Stories about personal mobility devices driven by individual users, including electric scooters (e-scooters) and bicycles (e-bikes). Includes coverage of micromobility policies, particularly around user data collection and use, and how these devices work to complement transit systems and contribute to the vitality of communities.
Following the recent launch of Yolo Urban-Rural Ride for Knights Landing and the Winters area, Yolo Transportation District is preparing a new on-demand, point-to-point bus service for Woodland.
Cash incentives to be used toward the purchase of an electric bike in Denver are helping to reduce annual car trips and improve regional mobility options. Those watching the space hope the momentum will build even further.
The Mobility Data Specification 2.0 includes data standards for other forms of urban mobility, beyond just bikes and scooters. The next generation of the specification can now be used to better manage taxis, TNCs and more.
The Move PGH pilot project in Pittsburgh has provided some 1 million scooter trips, with about a third of those replacing a trip by car. The pilot uses "equity zones" to make these trips more accessible to all residents.
There are expected to be as many as 850 electric scooters and bikes on Syracuse roads this summer — more than double the 400 or so in circulation last year. The fleet could grow to as many as 1,000 depending on demand.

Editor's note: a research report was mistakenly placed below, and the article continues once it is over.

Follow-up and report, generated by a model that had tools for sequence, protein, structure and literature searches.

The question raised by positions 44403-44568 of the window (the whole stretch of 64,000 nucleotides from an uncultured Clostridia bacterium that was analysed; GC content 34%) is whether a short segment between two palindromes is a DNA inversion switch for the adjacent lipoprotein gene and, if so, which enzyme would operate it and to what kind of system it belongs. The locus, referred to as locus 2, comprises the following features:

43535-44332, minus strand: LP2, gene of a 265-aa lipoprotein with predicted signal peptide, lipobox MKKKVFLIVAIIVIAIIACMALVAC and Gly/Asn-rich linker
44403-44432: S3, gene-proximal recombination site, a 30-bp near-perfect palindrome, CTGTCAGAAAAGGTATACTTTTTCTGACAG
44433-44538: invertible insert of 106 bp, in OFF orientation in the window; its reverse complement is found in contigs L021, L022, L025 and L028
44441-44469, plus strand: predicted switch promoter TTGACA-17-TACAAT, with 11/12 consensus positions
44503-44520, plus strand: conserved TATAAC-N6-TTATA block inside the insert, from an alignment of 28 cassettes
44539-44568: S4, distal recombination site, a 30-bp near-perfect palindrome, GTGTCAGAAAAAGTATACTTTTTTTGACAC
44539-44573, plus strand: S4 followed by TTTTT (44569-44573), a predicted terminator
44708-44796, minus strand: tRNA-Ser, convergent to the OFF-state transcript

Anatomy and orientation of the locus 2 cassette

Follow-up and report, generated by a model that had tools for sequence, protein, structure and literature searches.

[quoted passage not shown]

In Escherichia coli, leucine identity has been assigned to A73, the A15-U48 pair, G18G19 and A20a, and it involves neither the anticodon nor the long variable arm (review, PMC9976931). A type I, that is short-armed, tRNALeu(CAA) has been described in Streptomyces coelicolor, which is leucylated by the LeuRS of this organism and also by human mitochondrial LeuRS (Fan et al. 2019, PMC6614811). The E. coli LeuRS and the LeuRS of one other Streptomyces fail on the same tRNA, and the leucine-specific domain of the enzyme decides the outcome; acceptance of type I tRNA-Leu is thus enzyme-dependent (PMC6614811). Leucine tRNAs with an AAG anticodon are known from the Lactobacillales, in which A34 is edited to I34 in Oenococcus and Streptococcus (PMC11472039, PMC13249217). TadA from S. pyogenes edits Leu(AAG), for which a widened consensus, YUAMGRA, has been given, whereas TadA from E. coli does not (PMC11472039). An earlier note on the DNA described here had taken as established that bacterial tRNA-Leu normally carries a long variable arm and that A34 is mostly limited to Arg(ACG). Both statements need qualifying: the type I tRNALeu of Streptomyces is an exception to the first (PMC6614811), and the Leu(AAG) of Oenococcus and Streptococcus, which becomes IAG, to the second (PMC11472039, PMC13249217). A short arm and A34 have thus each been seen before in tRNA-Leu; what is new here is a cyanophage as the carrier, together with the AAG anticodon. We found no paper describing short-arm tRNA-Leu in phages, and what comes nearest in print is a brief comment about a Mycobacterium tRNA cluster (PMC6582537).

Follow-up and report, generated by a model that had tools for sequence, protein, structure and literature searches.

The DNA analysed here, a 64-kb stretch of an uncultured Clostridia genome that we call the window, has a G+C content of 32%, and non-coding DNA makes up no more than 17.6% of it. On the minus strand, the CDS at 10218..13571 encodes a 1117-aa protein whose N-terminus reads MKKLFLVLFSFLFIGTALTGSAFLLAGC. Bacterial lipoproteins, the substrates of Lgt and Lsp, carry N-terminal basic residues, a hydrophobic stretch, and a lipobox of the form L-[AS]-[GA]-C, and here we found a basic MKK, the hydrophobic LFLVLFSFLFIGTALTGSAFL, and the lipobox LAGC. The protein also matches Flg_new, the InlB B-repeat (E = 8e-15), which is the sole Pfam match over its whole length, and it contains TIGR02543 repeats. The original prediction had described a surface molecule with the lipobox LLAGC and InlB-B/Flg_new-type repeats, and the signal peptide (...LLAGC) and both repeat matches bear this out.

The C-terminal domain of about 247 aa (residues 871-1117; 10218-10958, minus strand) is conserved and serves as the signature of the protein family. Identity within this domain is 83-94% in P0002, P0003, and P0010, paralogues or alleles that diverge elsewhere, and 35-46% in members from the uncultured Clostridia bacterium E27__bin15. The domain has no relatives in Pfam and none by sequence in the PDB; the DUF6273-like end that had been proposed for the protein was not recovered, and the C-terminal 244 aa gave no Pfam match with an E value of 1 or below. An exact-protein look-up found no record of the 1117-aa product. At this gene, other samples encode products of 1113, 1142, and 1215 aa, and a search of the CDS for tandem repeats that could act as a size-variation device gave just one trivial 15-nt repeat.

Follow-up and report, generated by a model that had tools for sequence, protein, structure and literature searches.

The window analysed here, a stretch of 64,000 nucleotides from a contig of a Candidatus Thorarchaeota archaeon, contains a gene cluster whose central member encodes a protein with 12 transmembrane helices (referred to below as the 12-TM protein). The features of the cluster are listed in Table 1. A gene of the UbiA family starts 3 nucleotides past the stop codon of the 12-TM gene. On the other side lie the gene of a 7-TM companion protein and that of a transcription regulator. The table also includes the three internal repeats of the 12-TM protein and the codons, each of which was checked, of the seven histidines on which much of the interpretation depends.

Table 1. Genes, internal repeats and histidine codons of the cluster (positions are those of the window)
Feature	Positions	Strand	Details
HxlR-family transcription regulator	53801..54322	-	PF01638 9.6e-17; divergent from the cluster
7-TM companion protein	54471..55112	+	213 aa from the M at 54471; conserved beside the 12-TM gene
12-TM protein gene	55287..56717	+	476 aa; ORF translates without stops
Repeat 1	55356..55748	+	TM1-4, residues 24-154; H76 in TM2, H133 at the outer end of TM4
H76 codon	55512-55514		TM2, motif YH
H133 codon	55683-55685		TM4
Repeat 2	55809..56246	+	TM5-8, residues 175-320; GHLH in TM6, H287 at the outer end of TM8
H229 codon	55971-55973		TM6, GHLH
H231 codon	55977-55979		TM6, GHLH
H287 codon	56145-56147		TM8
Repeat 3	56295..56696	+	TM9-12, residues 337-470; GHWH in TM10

The university has placed 250 electric rental scooters from Spin on campus as part of a two-year research project into practical, environmentally friendly alternatives to cars as personal transportation.
Local purchase incentives are increasingly available for e-bikes as their popularity spreads nationwide. Meanwhile, proposed federal legislation would open up assistance to would-be e-bike riders.
Technology officials in the two major cities shared how transportation-related data — from scooters to buses and trains — is helping to inform decisions and the broader transportation planning process.
Dallas Area Rapid Transit riders in designated GoLink zones can now access Uber, hail rides and pay for their fare within the GoPass app. This isn’t the agency’s first time partnering with the ridesharing company.
New incentives — like the ones offered in Denver — are promising to advance the adoption of e-bikes and are fueling calls for the devices to be seen as essential parts of the evolving transportation ecosystem.